- One thing we can say is that traditional cultures are often less prepared to deal with globalization than others. They are often integrated unequally into their own state systems, robbed of the ability to develop their own adaptations or to maintain their traditional life ways. When confronted with a globalized culture, what chance do they have?
STRUCTURAL POWER IN THE AGE OF GLOBALIZATION
Colonialism consisted of a small group of European countries that ruled and exploited foreign nations all over the Global South. The current globalized system has essentially been built on that earlier system. Many anthropologists are interested in how the current structure of globalization is a continuation of that earlier system, which includes many of the same patterns of power and inequality. To understand how globalization is based in part on unequal levels of power and unequal distribution of resources, anthropologists often turn to analyzing power.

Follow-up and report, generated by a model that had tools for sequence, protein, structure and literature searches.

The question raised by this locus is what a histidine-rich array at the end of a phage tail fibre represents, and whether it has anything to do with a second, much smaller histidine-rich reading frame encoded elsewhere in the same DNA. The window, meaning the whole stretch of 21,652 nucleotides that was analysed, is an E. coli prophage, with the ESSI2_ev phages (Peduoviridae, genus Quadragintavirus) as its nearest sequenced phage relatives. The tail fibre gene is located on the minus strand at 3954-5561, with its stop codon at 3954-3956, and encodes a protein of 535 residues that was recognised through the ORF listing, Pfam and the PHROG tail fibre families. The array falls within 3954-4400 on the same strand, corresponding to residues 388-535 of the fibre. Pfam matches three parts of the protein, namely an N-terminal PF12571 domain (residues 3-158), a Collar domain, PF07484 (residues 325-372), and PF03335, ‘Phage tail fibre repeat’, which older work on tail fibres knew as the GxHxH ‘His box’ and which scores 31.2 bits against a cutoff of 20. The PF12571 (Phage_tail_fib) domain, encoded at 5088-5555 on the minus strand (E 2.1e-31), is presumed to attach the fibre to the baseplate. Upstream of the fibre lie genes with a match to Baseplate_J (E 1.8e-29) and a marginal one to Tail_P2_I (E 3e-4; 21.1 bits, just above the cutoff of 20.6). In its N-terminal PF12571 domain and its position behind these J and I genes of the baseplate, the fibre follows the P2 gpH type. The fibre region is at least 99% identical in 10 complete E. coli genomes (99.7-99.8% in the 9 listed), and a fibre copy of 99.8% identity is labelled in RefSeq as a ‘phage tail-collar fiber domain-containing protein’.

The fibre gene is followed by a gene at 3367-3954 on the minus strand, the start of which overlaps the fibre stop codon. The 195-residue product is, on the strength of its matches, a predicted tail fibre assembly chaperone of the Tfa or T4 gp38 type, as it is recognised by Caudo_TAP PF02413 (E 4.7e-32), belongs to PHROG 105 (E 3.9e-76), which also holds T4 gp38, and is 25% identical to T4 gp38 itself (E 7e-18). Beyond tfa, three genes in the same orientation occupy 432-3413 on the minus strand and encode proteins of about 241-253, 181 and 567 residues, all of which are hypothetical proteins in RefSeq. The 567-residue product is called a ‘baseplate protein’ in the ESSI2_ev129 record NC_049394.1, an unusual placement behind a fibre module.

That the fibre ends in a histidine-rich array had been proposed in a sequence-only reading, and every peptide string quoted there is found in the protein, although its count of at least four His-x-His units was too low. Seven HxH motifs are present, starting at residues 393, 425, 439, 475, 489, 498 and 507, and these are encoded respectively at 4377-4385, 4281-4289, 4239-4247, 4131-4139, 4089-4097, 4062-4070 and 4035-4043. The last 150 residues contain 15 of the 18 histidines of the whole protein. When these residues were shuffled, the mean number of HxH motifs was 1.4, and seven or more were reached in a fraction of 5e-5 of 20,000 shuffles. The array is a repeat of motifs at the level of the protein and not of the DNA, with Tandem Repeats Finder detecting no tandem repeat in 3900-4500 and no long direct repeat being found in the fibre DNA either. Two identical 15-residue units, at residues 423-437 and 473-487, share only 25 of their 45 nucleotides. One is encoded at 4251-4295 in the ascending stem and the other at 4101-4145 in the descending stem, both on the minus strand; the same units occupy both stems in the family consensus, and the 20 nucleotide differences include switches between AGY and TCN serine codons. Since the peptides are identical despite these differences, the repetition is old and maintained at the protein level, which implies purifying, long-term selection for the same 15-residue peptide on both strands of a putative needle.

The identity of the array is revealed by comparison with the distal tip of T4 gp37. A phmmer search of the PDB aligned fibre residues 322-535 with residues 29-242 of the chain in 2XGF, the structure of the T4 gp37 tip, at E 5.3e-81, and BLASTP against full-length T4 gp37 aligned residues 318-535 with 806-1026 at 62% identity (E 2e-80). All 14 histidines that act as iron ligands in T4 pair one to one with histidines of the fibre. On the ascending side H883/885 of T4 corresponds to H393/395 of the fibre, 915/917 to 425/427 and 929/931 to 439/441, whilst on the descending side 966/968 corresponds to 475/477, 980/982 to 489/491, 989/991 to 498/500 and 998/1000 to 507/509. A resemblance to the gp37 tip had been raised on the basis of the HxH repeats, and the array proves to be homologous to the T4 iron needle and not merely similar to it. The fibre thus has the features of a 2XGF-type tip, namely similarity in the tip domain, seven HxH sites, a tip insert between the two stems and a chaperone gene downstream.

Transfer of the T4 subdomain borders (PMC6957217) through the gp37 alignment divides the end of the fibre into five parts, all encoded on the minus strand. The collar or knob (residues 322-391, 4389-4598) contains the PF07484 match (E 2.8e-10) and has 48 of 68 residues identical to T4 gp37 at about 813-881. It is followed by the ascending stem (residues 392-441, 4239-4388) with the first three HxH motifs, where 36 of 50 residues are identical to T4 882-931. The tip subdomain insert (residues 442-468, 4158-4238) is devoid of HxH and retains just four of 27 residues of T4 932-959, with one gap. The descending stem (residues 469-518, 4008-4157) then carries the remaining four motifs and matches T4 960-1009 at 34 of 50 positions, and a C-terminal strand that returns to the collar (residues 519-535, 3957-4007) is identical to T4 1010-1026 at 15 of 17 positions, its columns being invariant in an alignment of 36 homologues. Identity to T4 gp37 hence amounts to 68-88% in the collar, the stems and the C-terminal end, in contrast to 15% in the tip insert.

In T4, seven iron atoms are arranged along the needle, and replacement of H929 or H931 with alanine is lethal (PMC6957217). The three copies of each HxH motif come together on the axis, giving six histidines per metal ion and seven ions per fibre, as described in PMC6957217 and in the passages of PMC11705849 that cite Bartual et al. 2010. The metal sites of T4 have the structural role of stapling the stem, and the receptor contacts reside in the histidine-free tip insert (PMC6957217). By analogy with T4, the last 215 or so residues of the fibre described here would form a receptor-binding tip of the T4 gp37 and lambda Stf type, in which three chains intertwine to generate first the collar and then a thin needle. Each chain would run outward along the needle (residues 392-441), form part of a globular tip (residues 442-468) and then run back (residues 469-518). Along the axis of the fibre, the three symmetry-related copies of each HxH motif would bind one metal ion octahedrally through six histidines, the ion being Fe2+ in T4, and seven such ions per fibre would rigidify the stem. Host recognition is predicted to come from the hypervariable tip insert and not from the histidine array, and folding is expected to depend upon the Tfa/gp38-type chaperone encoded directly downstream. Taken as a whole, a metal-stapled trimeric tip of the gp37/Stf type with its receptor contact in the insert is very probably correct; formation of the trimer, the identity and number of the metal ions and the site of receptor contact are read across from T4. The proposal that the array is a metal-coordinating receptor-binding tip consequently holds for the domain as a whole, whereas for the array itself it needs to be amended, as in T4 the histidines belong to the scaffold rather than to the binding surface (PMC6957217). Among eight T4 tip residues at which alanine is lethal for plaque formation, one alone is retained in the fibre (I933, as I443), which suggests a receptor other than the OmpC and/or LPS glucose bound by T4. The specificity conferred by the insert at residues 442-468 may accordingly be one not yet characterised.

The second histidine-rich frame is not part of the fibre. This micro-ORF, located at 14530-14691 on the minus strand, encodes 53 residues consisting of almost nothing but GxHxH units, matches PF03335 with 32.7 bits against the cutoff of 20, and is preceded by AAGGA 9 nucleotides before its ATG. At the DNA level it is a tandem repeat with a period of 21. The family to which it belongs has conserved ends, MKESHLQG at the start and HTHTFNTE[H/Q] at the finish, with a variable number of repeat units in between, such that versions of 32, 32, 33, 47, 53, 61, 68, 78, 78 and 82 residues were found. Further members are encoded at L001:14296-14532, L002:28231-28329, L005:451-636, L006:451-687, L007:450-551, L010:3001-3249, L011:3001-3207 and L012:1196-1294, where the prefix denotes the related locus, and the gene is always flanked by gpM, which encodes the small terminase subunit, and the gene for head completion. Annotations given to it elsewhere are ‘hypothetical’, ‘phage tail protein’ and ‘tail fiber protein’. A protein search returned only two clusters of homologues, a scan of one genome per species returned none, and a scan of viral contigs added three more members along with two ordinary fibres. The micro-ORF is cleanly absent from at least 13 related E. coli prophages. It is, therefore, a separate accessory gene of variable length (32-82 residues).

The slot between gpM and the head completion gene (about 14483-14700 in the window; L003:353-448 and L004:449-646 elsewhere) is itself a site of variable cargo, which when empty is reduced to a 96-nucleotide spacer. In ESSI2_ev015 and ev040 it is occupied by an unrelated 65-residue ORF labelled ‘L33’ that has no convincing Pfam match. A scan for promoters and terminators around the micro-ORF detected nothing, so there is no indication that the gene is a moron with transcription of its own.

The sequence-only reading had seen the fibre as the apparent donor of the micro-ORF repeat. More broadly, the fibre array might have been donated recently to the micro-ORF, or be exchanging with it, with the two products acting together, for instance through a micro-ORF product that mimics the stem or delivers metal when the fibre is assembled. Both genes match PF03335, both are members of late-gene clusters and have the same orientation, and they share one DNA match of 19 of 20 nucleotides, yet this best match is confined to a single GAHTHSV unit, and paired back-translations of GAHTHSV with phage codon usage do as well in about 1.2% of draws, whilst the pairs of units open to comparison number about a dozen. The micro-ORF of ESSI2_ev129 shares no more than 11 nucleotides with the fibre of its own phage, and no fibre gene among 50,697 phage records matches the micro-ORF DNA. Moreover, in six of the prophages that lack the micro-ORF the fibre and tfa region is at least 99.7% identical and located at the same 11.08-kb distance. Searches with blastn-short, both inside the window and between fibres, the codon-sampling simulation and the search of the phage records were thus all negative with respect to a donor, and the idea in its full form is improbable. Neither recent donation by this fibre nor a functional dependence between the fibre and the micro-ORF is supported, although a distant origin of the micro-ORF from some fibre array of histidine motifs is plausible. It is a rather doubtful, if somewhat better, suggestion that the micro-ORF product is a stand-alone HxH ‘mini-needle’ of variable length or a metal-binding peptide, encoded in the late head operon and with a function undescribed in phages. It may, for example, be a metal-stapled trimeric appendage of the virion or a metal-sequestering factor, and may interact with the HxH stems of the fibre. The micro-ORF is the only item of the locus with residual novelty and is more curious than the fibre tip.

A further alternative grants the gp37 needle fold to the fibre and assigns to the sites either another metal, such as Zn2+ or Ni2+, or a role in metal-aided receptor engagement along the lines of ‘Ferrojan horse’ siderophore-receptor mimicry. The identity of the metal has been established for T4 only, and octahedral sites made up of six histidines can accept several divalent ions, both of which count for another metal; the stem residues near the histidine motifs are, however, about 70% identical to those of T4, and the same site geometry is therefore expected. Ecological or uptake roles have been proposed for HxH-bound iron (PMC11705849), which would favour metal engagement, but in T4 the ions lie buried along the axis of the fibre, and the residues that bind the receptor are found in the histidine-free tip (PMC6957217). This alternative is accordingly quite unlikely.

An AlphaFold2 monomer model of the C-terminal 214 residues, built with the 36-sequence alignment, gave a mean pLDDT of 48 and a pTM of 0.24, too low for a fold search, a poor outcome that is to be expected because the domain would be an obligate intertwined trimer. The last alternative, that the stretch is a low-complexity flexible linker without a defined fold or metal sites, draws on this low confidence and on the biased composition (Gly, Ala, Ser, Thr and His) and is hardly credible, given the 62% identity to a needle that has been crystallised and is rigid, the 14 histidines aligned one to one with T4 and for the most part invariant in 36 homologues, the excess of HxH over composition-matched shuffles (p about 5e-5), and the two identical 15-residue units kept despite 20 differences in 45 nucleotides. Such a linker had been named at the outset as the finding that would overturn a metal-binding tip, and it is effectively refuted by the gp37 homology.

- Structural power refers to that power which organizes interactions within and among societies, directing economic, political and ideological forces. It can be applied by and to political organizations like the state, or to forces of globalization, like large multinational companies.
- Hard power refers to coercive power that is backed by the threat of force.
- In addition to military threats, either explicit or implicit, economic threats that force weak states to do what we wish are examples of hard power. We have a tendency to use military might to secure beneficial economic conditions for our government and businesses.
- In addition, Western mega-corporations are so powerful that they can thwart the wishes of national governments and overrule foreign policy decisions of their own countries.
- Soft power refers to persuasive power that uses co-optation, diplomacy and other non-coercive forms of power, to get others to change their ideas, values, and actions. Examples of soft power include propaganda, diplomacy, and foreign aid.
PROBLEMS OF STRUCTURAL VIOLENCE
Globalization is not just the closer integration of cultures worldwide. Unfortunately, it also disrupts many traditional cultures, destroying the social organizations and methods by which they previously dealt with change and adversity. States, companies and even very wealthy individuals can use hard and soft power to arrange things to their own advantage. When this kind of structural power works to undermine the well being of others through repression, environmental destruction, poverty, hunger, illness and death, it is called structural violence. The outcomes of structural violence are numerous, including: